The Mississippi Supreme Court ruled Thursday afternoon that House Bill 2 – the “open carry law” – is constitutionally clear, agreeing with the state that the law should take effect immediately.
The ruling came in the form of an order, agreed to by all nine justices, and signed by Justice Randy Pierce. The law will take effect immediately.
The fight over HB 2, which passed last legislative session, started earlier this summer when Hinds County District Attorney Robert Shuler Smith asked Hinds County Circuit Judge Winston Kidd to issue an injunction that would keep the law from taking effect July 1. Smith was joined by a handful of law enforcement agencies.
Kidd granted the injunction, saying then that the law was vague. Attorney General Jim Hood’s office appealed Kidd’s ruling to the Mississippi Supreme Court.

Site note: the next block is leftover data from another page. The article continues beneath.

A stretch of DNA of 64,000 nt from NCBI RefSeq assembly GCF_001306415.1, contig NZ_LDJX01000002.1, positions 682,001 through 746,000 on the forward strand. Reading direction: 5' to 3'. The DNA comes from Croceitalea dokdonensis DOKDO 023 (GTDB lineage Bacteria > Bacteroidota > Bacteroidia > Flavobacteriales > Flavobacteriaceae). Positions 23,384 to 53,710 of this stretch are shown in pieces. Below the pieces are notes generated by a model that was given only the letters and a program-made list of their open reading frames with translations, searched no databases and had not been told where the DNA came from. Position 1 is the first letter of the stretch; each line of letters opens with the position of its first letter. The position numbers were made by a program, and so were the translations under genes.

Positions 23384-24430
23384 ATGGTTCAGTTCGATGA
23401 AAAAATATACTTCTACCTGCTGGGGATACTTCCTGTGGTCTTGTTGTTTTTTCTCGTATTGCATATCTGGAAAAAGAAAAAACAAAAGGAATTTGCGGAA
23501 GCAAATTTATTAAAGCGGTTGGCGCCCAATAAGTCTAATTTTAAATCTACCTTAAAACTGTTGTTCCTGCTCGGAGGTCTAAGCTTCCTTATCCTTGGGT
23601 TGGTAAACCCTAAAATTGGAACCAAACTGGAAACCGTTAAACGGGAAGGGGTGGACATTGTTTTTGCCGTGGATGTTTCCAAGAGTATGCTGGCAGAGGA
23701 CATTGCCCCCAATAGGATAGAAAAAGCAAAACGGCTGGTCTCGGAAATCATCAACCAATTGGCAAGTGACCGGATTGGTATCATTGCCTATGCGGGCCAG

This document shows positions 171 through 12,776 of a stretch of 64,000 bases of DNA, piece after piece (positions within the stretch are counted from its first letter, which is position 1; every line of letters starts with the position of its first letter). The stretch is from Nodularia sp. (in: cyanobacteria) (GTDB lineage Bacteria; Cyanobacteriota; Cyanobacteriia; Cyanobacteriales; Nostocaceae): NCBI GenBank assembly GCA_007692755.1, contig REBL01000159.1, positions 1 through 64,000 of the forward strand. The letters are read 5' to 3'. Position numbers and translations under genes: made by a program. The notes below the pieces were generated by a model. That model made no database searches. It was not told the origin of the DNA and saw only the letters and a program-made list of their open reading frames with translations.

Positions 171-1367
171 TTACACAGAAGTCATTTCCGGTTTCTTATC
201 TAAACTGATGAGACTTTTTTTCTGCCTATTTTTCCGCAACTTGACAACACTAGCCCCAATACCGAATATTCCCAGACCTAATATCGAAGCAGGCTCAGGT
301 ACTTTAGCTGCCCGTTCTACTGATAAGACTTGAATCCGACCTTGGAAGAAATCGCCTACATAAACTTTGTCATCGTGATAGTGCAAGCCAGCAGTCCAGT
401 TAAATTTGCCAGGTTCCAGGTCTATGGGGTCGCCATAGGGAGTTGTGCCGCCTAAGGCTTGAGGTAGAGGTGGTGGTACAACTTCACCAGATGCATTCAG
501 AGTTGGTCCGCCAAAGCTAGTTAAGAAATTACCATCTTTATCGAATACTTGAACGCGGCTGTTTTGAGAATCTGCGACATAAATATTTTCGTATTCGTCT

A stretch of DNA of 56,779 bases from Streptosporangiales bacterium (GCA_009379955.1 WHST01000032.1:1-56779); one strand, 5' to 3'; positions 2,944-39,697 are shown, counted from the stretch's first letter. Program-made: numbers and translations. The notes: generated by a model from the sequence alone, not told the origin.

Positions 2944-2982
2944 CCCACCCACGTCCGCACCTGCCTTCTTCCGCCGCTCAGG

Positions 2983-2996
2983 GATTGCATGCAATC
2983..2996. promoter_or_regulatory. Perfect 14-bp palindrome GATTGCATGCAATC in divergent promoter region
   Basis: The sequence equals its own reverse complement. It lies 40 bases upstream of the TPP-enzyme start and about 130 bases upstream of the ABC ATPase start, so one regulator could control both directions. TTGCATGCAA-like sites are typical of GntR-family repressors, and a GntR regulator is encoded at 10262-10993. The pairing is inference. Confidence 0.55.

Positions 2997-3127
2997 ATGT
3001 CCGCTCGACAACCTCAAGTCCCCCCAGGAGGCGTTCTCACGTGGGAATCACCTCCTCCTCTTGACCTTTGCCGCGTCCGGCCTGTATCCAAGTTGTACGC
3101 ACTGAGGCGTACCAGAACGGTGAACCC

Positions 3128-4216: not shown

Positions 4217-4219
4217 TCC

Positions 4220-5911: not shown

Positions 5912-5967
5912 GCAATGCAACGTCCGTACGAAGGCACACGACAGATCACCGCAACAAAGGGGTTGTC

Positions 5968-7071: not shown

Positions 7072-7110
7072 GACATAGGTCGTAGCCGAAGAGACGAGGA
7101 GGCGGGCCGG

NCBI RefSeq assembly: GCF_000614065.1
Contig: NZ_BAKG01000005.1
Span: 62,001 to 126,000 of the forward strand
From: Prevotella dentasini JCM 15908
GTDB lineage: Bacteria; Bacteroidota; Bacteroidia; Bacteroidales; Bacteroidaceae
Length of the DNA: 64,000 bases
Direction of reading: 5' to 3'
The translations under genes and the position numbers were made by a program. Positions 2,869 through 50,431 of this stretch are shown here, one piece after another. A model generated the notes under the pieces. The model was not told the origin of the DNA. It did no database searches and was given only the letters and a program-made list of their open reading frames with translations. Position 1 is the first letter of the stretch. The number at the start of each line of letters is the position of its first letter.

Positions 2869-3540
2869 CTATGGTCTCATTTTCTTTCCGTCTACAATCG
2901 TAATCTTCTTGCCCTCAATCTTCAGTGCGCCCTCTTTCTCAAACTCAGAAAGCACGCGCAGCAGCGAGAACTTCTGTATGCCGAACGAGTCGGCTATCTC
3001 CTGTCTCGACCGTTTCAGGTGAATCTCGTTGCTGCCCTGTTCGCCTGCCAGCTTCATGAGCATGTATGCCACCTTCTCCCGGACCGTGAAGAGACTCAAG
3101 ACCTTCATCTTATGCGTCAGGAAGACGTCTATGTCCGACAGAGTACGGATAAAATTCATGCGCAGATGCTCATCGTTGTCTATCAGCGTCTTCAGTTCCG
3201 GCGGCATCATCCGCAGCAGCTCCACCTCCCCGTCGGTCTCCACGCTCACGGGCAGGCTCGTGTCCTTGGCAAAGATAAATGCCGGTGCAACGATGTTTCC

The high court said in its ruling Thursday that Kidd “erred as a matter of law when he found House Bill 2 to be vague and, therefore, unconstitutional.” The court also disagreed with the portion of Kidd’s ruling that said a reading of the law did not allow a reasonable person to determine what is and what is not prohibited.
HB 2 makes it lawful to carry weapons and firearms, as long as they’re not concealed. Exceptions include certain government buildings like courthouses and schools and private property where they owner has forbidden them. It does not change the state’s conceal carry law, which requires those carrying concealed weapons have a permit.
To read the three-page order, click here.